Shortie: "Tints" Analysis
At first glance, "Tints" is a song about keeping a low profile while getting some head from a girl in the driver’s seat. But when you take a look at the video and listen a bit more to the lyrics, it’s about much more than that. Rather its about all of the things people hide.
Let’s dive deeper.
The first single from Anderson .Paak’s Oxnard dropped on October 4, 2018, followed by an incredibly colorful and vibrant music video. Anderson commented on his writing process and ideas behind the track on Music Choice saying “[it's about] the idea of...keepin your tints up, so people think you're just smiling and nothing's going on in your head. But you don't necessarily want them to be able to read you...you want to be able to see them before they see you.” Window tints provide coverage for people and allow them to see out of the car without necessarily allowing people to see inside of it. .Paak discusses using the tints to keep things from other people.
The music video is incredibly colorful and full of expression and symbolism (which isn't out of the ordinary for Anderson .Paak). It places .Paak and Kendrick Lamar in a number of different situations that expose the secrets of their characters. Each character in the music video has something to hide from the preacher’s daughter to the preacher himself.
The song is even a bit meta when considering .Paak himself and the additional vocals on the track. .Paak and his band, The Free Nationals, are known for wearing sunglasses constantly, even indoors. This isn’t necessarily bizarre when considering lots of artists do the same thing, but it is interesting when considering the song itself. Similarly, Tayla Parx and Syd (from The Internet and Odd Future) contribute quite a bit to the outro on both the song and the video. Tayla Parx is the only one credited with singing along with Anderson on the outro, but in the video Syd appears to be singing as well. However, neither of them are featured artists.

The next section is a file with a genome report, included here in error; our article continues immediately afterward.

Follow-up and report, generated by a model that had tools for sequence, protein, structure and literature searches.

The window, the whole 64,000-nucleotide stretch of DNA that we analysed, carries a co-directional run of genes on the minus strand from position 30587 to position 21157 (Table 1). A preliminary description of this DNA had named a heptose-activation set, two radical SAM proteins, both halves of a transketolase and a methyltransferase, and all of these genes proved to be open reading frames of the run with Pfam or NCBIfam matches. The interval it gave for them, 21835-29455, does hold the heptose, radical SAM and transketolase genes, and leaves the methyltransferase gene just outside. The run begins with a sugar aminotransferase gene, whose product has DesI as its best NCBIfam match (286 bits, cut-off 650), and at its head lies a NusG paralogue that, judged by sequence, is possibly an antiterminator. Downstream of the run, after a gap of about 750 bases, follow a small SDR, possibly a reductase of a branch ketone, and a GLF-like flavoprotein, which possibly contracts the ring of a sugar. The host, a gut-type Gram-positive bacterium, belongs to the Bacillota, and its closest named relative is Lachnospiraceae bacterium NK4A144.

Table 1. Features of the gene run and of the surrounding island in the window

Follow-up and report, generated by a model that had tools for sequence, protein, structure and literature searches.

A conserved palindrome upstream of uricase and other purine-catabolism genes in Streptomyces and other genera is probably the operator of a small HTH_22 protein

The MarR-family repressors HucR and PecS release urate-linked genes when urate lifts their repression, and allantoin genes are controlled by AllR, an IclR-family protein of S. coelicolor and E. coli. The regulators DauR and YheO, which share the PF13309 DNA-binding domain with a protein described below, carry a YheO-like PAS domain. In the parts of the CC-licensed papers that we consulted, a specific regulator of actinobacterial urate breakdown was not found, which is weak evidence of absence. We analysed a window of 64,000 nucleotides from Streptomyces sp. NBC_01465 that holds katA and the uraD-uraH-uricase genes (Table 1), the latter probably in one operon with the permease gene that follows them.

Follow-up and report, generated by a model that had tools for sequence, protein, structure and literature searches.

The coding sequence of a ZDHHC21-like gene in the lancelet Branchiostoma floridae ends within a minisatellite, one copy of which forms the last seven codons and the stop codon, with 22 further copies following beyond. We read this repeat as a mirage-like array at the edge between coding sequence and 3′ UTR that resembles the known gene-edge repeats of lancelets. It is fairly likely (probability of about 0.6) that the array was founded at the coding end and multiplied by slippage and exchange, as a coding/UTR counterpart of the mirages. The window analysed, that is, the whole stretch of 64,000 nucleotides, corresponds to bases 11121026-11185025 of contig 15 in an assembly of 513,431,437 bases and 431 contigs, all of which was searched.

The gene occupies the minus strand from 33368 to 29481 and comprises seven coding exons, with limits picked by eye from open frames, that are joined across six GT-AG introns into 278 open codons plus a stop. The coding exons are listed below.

Here are some other "secrets" that are exposed in the video.
.Paak in a white man’s trunk: The man flashes his NRA badge when he is pulled over by a police officer, but does not expose the .Paak in his trunk or the reason that he is in there.
Worker stealing money from register: .Paak plays a janitor (or maybe a custodian?) that is cleaning a diner after hours, but he begins stealing money from the register. However, the joke's on him because the windows are quite large and they aren't tinted at all.
Support group leader doing drugs: This secret is the deepest and most contemplative to me. Just because the group leader is doing drugs himself, does that make him "bad"? After all, he is still encouraging other members of the group to retain their sobriety. Just because he is no longer sober, does that take away the legitimacy he has?
I didn't go through all of the secrets, but every time I watch the video, I see something new that I didn't notice before. The replay value of the music video is extremely high, which is a testament to how much work went into it.
I'm a huge fan of Anderson .Paak (check out my Oxnard review here), but I'm especially a huge fan of his music videos. They are always layered and incorporate a number of stories in one video. I can't wait to listen to his upcoming Ventura project and to see all of the visuals that he has in store.